In celebration of International women’s day, I invited my best mate Tiana Bayemani (British born Muslim woman) to guest write on my blog. Please read as she expresses her views on Nike’s Pro Hijab releases.
*passes the figurative pen to T*
Yesterday we saw the release of Nike’s first sports hijab hit the market, it is the first of it’s kind within major sports brands and has received wide publicity about it.
The topic I want to discuss is not so much around the hijab itself but more about what it means for a multinational super brand like Nike to endorse a religious article of faith.
Has Nike made a political statement with it’s latest release?
Mixing business with politics has always been a major taboo- we are taught that getting involved with the political actions of states is bad for business and can jeopardise your customer base.
Taking into consideration the current position President Donald Trump has taken with the Muslim ban, Nike, a profoundly American brand has taken upon itself to release a sports hijab which has been designed with the help of Muslim hijab wearing athletes- specifically at this point in history. Is this relevant, I would argue yes.
Figure Skater Zahra Lari for Nike Pro Hijab. Courtesy of Nike
This profound move can be viewed as a creative display of solidarity with Muslims. We can analyse this from a basic perspective of what does the hijab mean and what does having a sports hijab mean, but I feel these are played out arguments- sports hijabs have been around for a long time, its hardly innovative but what is interesting is the company which has decided to market this product and the timing that they have released it in. In an environment which is increasingly becoming hostile towards Muslims (women in particular), it brings the topic of hijab and its place in our society into public space and mainstream western discourse. How can you deny an article of clothing that hangs boldly in one of the biggest stores in Oxford street? It has taken the hijab out of the marginalised corners of ‘American-ness’ and placed it in the spotlight. You are here- and we cater for you.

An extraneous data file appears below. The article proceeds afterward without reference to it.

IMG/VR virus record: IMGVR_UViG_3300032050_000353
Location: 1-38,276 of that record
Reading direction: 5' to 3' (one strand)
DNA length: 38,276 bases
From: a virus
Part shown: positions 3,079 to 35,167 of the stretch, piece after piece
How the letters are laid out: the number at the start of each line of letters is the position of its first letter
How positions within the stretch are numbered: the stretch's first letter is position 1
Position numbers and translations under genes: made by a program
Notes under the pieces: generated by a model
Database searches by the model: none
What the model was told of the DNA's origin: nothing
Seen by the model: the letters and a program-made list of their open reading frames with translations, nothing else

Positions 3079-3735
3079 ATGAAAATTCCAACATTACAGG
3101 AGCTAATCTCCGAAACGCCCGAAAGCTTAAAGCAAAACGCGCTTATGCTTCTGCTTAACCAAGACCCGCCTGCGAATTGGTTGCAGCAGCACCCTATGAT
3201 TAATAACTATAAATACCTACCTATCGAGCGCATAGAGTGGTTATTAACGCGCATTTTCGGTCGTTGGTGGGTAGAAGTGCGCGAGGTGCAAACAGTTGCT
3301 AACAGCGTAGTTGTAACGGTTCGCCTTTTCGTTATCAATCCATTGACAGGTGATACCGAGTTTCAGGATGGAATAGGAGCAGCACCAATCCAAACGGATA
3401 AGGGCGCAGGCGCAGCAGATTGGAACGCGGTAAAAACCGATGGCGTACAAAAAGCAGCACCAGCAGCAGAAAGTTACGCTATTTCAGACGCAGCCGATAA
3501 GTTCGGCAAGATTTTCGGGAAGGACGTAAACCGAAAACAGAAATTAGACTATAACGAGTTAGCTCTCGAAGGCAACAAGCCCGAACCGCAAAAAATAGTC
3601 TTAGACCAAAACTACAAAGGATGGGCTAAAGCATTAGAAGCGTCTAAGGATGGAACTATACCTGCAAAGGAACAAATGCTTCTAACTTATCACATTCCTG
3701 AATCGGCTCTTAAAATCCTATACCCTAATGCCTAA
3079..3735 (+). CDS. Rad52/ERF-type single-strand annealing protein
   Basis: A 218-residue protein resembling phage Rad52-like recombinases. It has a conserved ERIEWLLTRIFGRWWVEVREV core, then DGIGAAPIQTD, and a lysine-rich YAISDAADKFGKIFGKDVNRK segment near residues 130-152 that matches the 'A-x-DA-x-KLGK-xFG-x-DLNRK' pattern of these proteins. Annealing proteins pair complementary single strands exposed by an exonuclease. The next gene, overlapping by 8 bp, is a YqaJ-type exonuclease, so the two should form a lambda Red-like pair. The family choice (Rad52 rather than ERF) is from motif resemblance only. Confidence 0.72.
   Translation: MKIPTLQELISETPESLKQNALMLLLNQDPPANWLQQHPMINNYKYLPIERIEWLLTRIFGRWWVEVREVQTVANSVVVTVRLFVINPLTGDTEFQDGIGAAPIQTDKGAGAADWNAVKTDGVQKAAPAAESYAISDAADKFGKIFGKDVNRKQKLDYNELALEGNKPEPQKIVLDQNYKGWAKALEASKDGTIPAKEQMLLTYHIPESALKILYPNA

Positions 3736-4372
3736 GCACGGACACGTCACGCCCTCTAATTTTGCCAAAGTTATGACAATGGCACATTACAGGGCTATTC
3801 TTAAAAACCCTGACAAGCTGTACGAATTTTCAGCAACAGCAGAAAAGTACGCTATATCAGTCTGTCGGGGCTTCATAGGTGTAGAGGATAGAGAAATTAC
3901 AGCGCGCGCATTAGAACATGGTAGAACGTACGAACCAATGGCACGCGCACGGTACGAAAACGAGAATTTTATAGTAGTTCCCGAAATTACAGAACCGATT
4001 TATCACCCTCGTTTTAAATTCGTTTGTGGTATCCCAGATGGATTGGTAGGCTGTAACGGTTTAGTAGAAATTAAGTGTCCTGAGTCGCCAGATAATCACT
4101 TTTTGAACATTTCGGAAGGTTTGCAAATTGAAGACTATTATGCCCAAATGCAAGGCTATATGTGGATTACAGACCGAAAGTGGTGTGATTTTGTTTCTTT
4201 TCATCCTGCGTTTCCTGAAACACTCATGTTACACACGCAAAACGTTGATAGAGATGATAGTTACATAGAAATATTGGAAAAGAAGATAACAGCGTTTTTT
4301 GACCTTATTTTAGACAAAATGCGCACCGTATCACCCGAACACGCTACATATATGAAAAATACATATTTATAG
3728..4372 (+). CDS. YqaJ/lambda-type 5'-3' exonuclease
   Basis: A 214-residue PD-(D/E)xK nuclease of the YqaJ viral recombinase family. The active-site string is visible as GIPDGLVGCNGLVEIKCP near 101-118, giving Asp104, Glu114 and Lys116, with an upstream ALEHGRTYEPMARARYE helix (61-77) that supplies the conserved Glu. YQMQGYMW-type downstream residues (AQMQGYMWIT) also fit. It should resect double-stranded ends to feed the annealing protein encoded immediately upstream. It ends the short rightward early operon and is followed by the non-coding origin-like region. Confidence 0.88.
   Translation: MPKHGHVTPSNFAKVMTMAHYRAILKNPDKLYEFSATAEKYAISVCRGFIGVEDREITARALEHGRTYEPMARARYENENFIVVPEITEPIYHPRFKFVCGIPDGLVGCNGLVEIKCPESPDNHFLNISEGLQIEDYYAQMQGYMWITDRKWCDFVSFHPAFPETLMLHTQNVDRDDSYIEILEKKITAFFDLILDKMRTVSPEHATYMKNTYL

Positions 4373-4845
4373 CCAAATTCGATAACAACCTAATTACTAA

Nike+ Run Club Coach Manal Rostom for Nike Pro Hijab. Courtesy of Nike
This might be a part of a larger retaliation of what I would call ‘consumer warfare’. British brand Debenhams has also recently launched its first modest clothing range despite a lot of negative news reporting from right wing media. While they may be seen as capitalising on an oppression of a marginalised group of people- no doubt there is another message that can be taken from it.
It won’t change the fact that many sisters like me would still go to whitechapel to buy a 3 for £10 hijabs from the Bengali uncles in their stalls but what Nike does do, is tell me we are thinking of you and you matter. Representation like all things is not about identifying completely with what is presented but knowing that the option is there. Not all acts of political engagement have to be outright condemnation with placards marching in the streets, sometimes it can be in the form of inclusion and the outright rejection of hate.
Thanks for reading 🙂
Images – Vogue